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Military Sexual Trauma

“Military sexual trauma” (MST) is sexual assault or sexual harassment experienced during military service.


According to the U.S. Department of Veterans Affairs, about 1 in 3 women and 1 in 50
men respond “yes,” that they experienced MST when screened by their VA
provider. (Source: and then read “full article”)


Although the incidence of MST is higher among women because there are fewer women than men in the military, a significant number of men have also experienced MST.


Examples of MST include:

  • Being pressured or coerced into sexual activities, such as threats of negative treatment for refusal to cooperate or with promises of better treatment in exchange for sex

  • Sexual contact or activities without consent, including when asleep or intoxicated

  • Being overpowered or physically forced to have sex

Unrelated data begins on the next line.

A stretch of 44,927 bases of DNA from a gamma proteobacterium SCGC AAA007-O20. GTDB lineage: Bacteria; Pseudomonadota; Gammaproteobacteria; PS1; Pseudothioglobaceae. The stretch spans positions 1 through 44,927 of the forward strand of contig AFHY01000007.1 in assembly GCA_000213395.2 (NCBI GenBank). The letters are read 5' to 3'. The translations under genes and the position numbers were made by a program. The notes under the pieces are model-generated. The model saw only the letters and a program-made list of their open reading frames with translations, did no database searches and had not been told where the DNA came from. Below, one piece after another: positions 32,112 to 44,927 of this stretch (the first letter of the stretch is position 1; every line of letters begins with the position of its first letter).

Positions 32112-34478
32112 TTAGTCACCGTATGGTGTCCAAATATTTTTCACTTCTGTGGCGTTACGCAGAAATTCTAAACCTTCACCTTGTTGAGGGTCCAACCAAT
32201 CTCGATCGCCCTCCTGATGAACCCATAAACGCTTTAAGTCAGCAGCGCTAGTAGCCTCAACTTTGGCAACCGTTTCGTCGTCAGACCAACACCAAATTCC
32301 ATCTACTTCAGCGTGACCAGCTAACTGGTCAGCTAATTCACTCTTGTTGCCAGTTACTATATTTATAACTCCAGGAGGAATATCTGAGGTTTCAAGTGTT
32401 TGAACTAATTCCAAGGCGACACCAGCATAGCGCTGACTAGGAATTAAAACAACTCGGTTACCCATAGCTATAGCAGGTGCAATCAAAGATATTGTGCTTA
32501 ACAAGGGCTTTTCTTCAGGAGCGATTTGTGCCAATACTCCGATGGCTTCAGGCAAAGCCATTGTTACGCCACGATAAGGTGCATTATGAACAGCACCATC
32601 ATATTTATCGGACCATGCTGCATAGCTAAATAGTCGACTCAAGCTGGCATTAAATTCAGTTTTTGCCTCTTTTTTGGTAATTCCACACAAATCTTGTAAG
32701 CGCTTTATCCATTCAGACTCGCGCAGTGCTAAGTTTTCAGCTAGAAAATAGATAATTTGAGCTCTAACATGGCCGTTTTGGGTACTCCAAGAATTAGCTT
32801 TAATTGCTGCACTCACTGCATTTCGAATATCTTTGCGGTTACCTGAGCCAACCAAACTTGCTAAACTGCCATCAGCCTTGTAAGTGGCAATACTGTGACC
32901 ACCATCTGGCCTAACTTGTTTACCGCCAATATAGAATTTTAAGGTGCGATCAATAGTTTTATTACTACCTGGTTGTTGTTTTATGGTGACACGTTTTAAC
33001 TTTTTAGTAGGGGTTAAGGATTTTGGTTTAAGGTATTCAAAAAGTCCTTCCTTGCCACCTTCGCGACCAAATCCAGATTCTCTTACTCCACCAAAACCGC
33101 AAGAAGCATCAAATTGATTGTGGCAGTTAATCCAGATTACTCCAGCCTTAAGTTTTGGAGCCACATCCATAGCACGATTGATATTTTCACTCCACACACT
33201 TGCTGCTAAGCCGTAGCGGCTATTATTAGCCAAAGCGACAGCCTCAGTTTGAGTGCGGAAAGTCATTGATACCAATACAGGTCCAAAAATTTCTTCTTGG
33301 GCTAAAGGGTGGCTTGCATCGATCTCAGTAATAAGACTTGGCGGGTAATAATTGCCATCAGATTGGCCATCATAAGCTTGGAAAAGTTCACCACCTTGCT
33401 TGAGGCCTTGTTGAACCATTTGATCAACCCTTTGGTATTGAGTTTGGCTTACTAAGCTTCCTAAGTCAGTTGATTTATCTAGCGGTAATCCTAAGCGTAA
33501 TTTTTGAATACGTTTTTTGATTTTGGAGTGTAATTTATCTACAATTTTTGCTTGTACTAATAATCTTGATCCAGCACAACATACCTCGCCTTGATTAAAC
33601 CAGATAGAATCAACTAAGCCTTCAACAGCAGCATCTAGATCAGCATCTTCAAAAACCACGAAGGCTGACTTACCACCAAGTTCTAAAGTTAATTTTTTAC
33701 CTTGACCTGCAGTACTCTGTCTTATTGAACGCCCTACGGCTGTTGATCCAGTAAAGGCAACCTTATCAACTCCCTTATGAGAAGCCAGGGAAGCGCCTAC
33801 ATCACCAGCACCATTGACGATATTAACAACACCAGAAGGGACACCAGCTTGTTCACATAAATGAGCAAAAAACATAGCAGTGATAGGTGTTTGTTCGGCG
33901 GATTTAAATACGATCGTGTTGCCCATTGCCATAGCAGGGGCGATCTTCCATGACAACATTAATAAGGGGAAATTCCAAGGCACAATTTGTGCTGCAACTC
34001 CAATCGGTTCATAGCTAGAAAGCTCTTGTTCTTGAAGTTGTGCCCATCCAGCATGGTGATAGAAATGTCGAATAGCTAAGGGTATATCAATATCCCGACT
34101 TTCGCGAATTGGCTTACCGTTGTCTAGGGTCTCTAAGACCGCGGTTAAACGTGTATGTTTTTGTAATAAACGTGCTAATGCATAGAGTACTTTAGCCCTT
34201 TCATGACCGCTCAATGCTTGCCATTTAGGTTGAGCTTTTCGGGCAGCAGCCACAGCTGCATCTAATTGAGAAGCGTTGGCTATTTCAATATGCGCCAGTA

• Being touched or grabbed in a sexual way that made the service member feel uncomfortable, including during “hazing” experiences

  • Comments about one’s body or sexual activities that a service member found threatening

  • Unwanted sexual advances that a service member found threatening


MST is an experience, not a diagnosis or a mental health condition, and as with other forms of trauma, there are a variety of emotional reactions in response to MST. The type, severity, and duration of an individual’s difficulties will all vary based on factors such as a prior history of trauma, the types of responses he/she received from others at the time of the MST, and whether the MST happened once or was repeated over time. Although the reactions men and women have to MST are similar in some ways, they may also struggle with different issues. Race/ethnicity, religion, sexual orientation, and other cultural variables can also affect the impact of MST.


MST can negatively affect a person’s mental and physical health, even many years later. Reactions service members may experience may include:

  • Disturbing memories or nightmares

  • Difficulty feeling safe

  • Feelings of depression or numbness

  • Problems with alcohol or other drugs

  • Feeling isolated from other people

  • Problems with anger, irritability, or other strong emotions

  • Issues with sleep

  • Physical health problems


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